What kind of relationship do you want when you’re adapting someone’s work? It seems like you don’t just option the rights and say goodbye and with Jon Raymond, I know you worked with him as a co-screenwriter.
Jon and I are really close friends, so that was just a natural thing that happened [where] the seed either came from a story that existed of Jon’s or a concept that Jon had and then I worked on the scripts, but I never had the task of dealing with the complete blank page, which is something I don’t want to be faced with. [laughs] Maile and I didn’t know each other. She was just someone I wrote and asked if I could [adapt her work] and we had some phone calls, so it was a different experience. I didn’t have the weekly or daily bullshit sessions that you have when you’re working on something, so it was a little bit lonelier of a process. It was a change.
Circumstances required you to shoot these stories in the opposite order than they appear. – since the rancher’s tale, which is last, would seem to be the most logistically challenging, did that make the rest easier, perhaps?
Perhaps. [smiles] The rancher story was the hardest to shoot because there were so many animals, but also because it was way below zero every day we shot on the ranch. There was no relief, and we were working with a really scaled-down crew, so we didn’t have the support we would have because we didn’t want to frighten the animals. And a film’s always harder when you’re getting started. But because everything kept changing at the end of every week or two, it just felt like we were constantly starting. It was really cold in the Laura [Dern] section too – there’s fewer animals, but there was more logistics. When there’s not enough layers of clothes for you to put on because things just aren’t going to get warmer and you’re in the first hour of what’s bound to be a 16-hour day, you’re just like… (bundles up). There was a bit of a reprieve during the Michelle [Williams]-James [LeGros section], just weather-wise. The weather dictates a lot as to how things are going.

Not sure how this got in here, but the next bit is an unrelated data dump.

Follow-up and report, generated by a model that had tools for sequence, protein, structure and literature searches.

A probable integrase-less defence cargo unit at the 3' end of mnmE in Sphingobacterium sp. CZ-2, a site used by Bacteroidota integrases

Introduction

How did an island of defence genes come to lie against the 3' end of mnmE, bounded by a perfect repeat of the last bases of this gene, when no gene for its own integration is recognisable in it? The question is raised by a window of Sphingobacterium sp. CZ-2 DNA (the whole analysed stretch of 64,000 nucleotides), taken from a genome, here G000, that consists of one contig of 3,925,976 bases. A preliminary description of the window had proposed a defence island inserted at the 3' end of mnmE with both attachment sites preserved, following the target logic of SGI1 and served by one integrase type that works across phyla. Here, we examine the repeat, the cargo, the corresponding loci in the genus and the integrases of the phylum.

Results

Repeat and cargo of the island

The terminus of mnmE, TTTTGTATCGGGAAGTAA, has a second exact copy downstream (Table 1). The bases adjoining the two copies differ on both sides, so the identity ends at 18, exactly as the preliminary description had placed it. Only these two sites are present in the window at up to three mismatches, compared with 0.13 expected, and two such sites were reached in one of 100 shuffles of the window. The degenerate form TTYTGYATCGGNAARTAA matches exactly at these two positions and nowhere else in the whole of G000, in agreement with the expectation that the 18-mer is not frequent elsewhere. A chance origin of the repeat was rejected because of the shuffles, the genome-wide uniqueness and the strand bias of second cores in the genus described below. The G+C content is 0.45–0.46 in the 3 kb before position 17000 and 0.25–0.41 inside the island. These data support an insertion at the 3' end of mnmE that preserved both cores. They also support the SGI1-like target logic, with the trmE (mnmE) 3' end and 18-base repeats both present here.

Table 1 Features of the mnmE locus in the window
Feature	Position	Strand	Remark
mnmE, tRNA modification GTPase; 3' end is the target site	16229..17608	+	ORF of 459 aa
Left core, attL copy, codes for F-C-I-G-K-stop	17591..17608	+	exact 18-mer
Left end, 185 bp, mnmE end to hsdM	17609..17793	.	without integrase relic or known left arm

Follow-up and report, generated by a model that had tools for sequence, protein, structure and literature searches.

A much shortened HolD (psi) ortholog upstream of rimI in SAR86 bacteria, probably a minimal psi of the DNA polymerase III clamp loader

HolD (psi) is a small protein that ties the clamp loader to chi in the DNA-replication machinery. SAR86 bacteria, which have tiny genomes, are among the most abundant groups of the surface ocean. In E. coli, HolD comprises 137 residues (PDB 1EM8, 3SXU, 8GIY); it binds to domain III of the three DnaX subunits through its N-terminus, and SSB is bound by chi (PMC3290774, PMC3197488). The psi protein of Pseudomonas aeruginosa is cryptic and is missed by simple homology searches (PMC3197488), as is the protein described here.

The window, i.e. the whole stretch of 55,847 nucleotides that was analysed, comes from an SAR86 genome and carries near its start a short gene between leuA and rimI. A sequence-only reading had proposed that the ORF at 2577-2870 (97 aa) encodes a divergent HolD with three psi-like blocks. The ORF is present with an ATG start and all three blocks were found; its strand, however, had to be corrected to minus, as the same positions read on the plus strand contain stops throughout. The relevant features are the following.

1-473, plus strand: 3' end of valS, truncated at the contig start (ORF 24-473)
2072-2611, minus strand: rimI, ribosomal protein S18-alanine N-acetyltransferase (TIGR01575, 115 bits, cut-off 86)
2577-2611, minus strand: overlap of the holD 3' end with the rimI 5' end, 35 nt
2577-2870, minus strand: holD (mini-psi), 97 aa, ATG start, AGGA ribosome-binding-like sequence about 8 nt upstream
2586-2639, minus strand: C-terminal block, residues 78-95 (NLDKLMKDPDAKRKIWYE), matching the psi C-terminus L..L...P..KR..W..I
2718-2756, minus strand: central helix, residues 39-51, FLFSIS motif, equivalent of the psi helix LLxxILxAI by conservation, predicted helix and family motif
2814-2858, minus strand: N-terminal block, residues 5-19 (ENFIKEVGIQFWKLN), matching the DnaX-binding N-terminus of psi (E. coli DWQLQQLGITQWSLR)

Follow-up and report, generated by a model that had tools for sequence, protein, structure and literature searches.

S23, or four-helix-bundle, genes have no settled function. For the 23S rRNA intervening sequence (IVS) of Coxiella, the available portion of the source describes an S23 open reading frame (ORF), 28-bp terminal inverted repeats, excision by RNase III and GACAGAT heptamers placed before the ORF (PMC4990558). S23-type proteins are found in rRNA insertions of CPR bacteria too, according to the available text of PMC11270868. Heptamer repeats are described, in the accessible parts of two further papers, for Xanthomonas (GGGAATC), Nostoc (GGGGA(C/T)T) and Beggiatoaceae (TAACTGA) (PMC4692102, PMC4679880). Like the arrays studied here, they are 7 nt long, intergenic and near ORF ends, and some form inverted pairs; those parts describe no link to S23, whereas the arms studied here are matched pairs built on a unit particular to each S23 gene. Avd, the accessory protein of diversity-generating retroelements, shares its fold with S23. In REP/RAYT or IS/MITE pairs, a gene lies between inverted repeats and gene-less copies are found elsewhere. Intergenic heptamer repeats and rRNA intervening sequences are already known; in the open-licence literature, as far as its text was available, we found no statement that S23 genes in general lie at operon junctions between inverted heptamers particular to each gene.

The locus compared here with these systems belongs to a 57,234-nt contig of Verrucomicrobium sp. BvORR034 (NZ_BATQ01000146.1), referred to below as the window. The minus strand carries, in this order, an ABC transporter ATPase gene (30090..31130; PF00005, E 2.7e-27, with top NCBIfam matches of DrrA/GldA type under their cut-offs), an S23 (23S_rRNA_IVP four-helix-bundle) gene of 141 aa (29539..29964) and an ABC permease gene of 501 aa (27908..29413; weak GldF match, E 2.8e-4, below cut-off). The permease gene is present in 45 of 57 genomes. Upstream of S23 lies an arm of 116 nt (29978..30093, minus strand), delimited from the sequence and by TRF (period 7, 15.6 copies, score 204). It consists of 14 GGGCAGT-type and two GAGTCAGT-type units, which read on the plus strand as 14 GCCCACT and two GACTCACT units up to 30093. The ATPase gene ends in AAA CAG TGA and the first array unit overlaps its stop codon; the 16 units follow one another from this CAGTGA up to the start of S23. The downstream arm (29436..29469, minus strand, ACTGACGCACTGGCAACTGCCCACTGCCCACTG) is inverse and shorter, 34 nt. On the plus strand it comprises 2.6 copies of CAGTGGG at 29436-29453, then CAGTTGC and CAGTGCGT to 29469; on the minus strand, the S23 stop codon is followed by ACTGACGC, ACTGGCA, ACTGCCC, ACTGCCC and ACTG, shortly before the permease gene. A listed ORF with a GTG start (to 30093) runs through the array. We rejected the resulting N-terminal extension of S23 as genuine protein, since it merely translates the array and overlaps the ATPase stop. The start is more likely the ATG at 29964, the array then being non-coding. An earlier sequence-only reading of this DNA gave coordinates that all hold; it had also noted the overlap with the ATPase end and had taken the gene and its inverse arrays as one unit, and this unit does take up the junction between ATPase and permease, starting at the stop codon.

Lily Gladstone had mentioned this was shot right in the middle of three separate mountain ranges – did that actually contribute to why you picked this location?
We did not build the mountain ranges… [laughs] but we scouted the state and we were trying to find a town that felt the right size. Ultimately, once we found the ranch, which was first, we then built out from there and Livingston and Boseman were the closest towns. Once you find the main location, you build your world from a radius that can work from that spot [because] I couldn’t really afford a company move at any point. When we were scouting the state, we kept ending up in Livingston and it just became our place. And it’s a great town. It’s easy to get attached to it.
You’ve said you were particularly intrigued by the wind there, which is something that seems like an almost subconscious part of the sound mix. Did you do anything special to capture it?
Boy, nobody likes to go in and have mystery in a film anymore. [laughs] But it’s good to give Paul Maritsas a shoutout because he’s a really great sound designer and our boom woman was amazing too. Our sound team, which was just two people, was fantastic and I kept thinking like, “Oh, it’s too windy. Sound is going to shut us down.” And [Paul] kept finding ways and going with it – he went back on his supposed down day and would gather more [sound]. The wind was just had so many different tones to it, depending on whatever it was, and the sound mixer Lesley Shatz and I argued over the issue of wind for forever. Wind is only a sound if it’s hitting up against something and I’m always arguing, if it’s hitting up against the mic, that’s not the sound I want. [laughs]
But [Livingston] is such a windy place and we were able to hunker down and shoot through some of the wind, which is great because I think it added a lot to the scenes, [especially] the scene in the parking lot with Lily and Kristen [Stewart]. But it’s a real sound feed and you can only do that [when] everyone’s holding stuff down camera-wise because everything’s blowing all over the place. Trains are really hard to record also, and in Livingston, there is a depot right there, so there’s always trains in the background. In the mix, it’s matter of making your real trains that are running through everything work [with the rest of the film]. Back when we made “Wendy and Lucy,” working with Lesley Shatz as a sound mixer, we stole a lot of train sounds that Lesley had recorded for “Paranoid Park,” Gus [Van Sant’s] movie. I think there’s some of those trains in this movie too.
“Certain Women” opens on October 14th in Los Angeles at the Arclight Hollywood and the Landmark and in New York at the IFC Center.